February 12, 2014
Measuring The Distance Between The Moon And Earth Easier During Lunar Eclipses
April Flowers for redOrbit.com - Your Universe Online
The full moon has long been linked to strange events and even stranger behavior, even though careful scrutiny has dispelled any association, according to Susan Brown of UC San Diego. So when scientists bounced signals off the lunar surface on full moon nights and only received faint echoes in return, they went looking for an explanation based in reason, not superstition. The most compelling evidence, though, arrived during another event known to evoke irrational fears — a night when Earth's shadow eclipsed the full moon.
Scientists like Tom Murphy, a UC San Diego physicist, aim laser beams at suitcase-sized reflectors that were placed on the moon by Apollo astronauts and unmanned Soviet rovers. Murphy is able to measure the distance from here to the moon with millimeter precision by timing the light's return to Earth.
These measurements are called lunar ranging, which has revealed that the moon is slowly spiraling away from the Earth. Lunar ranging also suggests that the moon has a molten core. Using precise measurements of the changing shape of the lunar orbit, Murphy and his team are subjecting Einstein's theory of general relativity to the most stringent test yet.
The signals, faint to begin with, have faded over time. Murphy leads a project at Apache Point Observatory that sends laser pulses of 100 quadrillion photons. On average, only one lonely photon returns from each pulse, if any return at all. Some of the photons are nudged off target by Earth's atmosphere so that they hit the lunar soil, and the beam is slightly diffracted by the reflectors so that most miss the telescope when they return.
Murphy's team records ten times fewer photons than expected, even accounting for the losses caused by atmosphere and diffraction. The return rate on full moon nights decreases even more, dropping to just one percent of the predicted performance. On these same nights, other observatories were unable to detect any returned signal.
As a joke, the team started calling this "the full-moon curse," Murphy told Brown. "For a while we thought we were just victims of bad luck, but the trend continued, month after month."
Accumulated dust could be the culprit behind the diminished returns, according to Murphy. If true, this could spell bad news for future plans to place telescopes on the surface. There is no wind on the moon, but electrostatic forces and a constant bombardment by tiny meteorites could have kicked up some of the lunar dust, making it cover the surface of the clear glass prisms arrayed in each reflector.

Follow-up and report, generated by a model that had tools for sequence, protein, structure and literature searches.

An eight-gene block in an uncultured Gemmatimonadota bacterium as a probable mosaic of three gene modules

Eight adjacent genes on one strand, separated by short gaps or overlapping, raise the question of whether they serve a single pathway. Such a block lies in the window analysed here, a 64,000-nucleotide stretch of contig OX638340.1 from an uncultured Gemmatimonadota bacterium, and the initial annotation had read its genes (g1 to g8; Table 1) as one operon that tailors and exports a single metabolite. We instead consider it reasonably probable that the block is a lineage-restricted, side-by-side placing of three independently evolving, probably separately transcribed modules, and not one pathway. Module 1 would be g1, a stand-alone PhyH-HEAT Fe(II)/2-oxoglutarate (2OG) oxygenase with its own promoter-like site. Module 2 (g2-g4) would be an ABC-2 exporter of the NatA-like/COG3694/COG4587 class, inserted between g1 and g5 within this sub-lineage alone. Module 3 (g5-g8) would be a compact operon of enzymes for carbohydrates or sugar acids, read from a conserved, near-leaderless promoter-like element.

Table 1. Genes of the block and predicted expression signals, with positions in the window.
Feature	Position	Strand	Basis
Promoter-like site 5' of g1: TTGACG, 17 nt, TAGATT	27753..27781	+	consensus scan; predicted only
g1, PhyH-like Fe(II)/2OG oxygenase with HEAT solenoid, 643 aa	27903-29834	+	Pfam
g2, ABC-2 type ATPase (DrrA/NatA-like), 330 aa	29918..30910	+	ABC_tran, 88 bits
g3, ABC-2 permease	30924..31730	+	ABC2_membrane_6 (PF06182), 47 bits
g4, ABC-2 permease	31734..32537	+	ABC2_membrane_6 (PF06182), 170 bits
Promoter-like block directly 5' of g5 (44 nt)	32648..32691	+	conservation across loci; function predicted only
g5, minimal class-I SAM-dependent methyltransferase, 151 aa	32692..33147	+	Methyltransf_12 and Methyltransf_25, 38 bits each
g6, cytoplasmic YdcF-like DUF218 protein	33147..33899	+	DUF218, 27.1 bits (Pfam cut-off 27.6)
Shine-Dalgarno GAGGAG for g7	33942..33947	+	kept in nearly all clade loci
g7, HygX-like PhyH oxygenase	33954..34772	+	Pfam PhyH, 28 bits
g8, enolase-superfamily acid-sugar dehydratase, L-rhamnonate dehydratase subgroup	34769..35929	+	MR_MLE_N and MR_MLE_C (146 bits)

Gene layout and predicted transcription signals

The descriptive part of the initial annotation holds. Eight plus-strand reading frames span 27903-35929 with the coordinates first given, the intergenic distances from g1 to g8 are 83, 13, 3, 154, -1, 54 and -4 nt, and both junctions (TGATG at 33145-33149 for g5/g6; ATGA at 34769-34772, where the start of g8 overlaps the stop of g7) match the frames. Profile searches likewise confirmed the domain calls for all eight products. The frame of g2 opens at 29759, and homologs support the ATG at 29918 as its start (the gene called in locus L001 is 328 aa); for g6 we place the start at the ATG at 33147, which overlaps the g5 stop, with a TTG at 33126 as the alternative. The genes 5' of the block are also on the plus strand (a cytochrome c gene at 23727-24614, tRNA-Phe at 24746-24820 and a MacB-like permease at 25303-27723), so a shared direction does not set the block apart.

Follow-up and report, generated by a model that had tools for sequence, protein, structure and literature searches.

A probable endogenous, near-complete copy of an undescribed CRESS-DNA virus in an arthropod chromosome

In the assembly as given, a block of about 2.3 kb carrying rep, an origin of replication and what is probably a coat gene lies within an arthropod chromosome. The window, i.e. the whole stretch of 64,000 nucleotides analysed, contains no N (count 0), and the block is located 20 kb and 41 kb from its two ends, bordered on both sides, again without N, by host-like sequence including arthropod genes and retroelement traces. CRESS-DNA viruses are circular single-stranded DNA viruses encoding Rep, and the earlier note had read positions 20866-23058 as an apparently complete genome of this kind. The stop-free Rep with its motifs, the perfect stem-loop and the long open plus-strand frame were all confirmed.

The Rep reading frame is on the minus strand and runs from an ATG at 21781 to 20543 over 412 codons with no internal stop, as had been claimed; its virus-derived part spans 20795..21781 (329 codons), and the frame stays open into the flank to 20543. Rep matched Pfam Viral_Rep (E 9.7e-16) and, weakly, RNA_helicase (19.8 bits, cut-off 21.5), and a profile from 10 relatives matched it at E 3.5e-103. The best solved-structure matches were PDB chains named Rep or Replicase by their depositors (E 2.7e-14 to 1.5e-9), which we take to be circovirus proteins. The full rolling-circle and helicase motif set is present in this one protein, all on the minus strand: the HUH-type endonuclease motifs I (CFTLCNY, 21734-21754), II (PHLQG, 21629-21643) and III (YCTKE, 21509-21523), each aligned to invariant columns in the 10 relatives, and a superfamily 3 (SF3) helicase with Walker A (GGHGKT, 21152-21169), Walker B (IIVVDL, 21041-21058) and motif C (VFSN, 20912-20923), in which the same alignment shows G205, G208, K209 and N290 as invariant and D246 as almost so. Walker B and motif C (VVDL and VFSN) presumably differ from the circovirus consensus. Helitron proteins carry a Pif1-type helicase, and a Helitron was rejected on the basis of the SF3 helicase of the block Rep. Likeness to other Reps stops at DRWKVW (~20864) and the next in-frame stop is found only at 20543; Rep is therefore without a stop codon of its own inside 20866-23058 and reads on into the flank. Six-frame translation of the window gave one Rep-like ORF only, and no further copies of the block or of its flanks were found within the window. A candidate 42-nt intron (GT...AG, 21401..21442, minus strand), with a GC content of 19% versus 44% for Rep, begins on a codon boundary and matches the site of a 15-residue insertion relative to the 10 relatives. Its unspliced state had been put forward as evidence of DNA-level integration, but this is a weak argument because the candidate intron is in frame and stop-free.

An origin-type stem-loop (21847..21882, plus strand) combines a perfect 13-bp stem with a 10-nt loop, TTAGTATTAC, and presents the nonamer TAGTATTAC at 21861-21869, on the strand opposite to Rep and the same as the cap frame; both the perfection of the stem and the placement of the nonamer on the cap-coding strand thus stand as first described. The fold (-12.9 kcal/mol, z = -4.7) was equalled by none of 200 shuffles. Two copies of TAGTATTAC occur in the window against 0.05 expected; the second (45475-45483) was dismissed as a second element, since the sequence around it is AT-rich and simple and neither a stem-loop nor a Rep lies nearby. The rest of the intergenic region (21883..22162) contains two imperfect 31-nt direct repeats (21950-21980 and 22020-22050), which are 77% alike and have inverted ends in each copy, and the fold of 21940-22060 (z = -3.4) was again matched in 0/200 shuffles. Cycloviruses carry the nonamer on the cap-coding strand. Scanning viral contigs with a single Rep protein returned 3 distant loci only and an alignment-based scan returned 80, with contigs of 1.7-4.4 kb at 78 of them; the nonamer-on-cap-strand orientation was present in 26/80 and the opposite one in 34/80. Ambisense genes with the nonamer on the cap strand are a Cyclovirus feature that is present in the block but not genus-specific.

Light passes through each prism twice — once on the way in and once on the way out. A 50 percent coating of dust would be enough to account for the loss of signal on most nights, but not on full moon nights. Murphy thinks the cause of the full moon loss is heat.
Because the prisms are sunk into cylinders, the sun only fully illuminates them when it shines directly into them. The arrays face Earth, so the full illumination only happens on full moon nights. A thermal gradient between the surface and the depths of the prisms is created as the dark dust of the lunar regolith heats up. This would change the refractive index, degrading their performance further by turning the prism into an unintentional lens and diverging the returning light. Even fewer photons would return to the telescope.
This idea is met with some enthusiasm because it creates a thing that scientists love: a testable prediction. If, as Murphy thinks, the diminished returns on full moon nights are caused by heating of the surface of the reflector cubes, then turning off the light should boost the signal as soon as the surface cools and temperatures throughout the cube are uniform.
Simple, right? You just need to turn off the Sun. Or, wait for a lunar eclipse when the Earth passes between the Sun and the moon. Murphy and his team were able to have decent observing conditions during a lunar eclipse on the night of December 21, 2010. They ranged lasers from the three Apollo reflector arrays and an array mounted on a Soviet rover for five and a half hours as the edge of the Earth's shadow passed by each of them in turn and as they re-emerged into the sunlight.
The team observed a tenfold spike in performance as the Sun's light was blocked, just as Murphy predicted. The signal return was restored to the levels seen on other nights. The results of their experiment were described in the journal Icarus.
Some skeptics ask, if moon dust is moving about and obscuring the arrays, why can the boot prints left by astronauts decades ago still be seen? According to Murphy's calculations, at the rate of deposition that occurred to obscure the reflectors, covering the boot prints would take tens of thousands of years.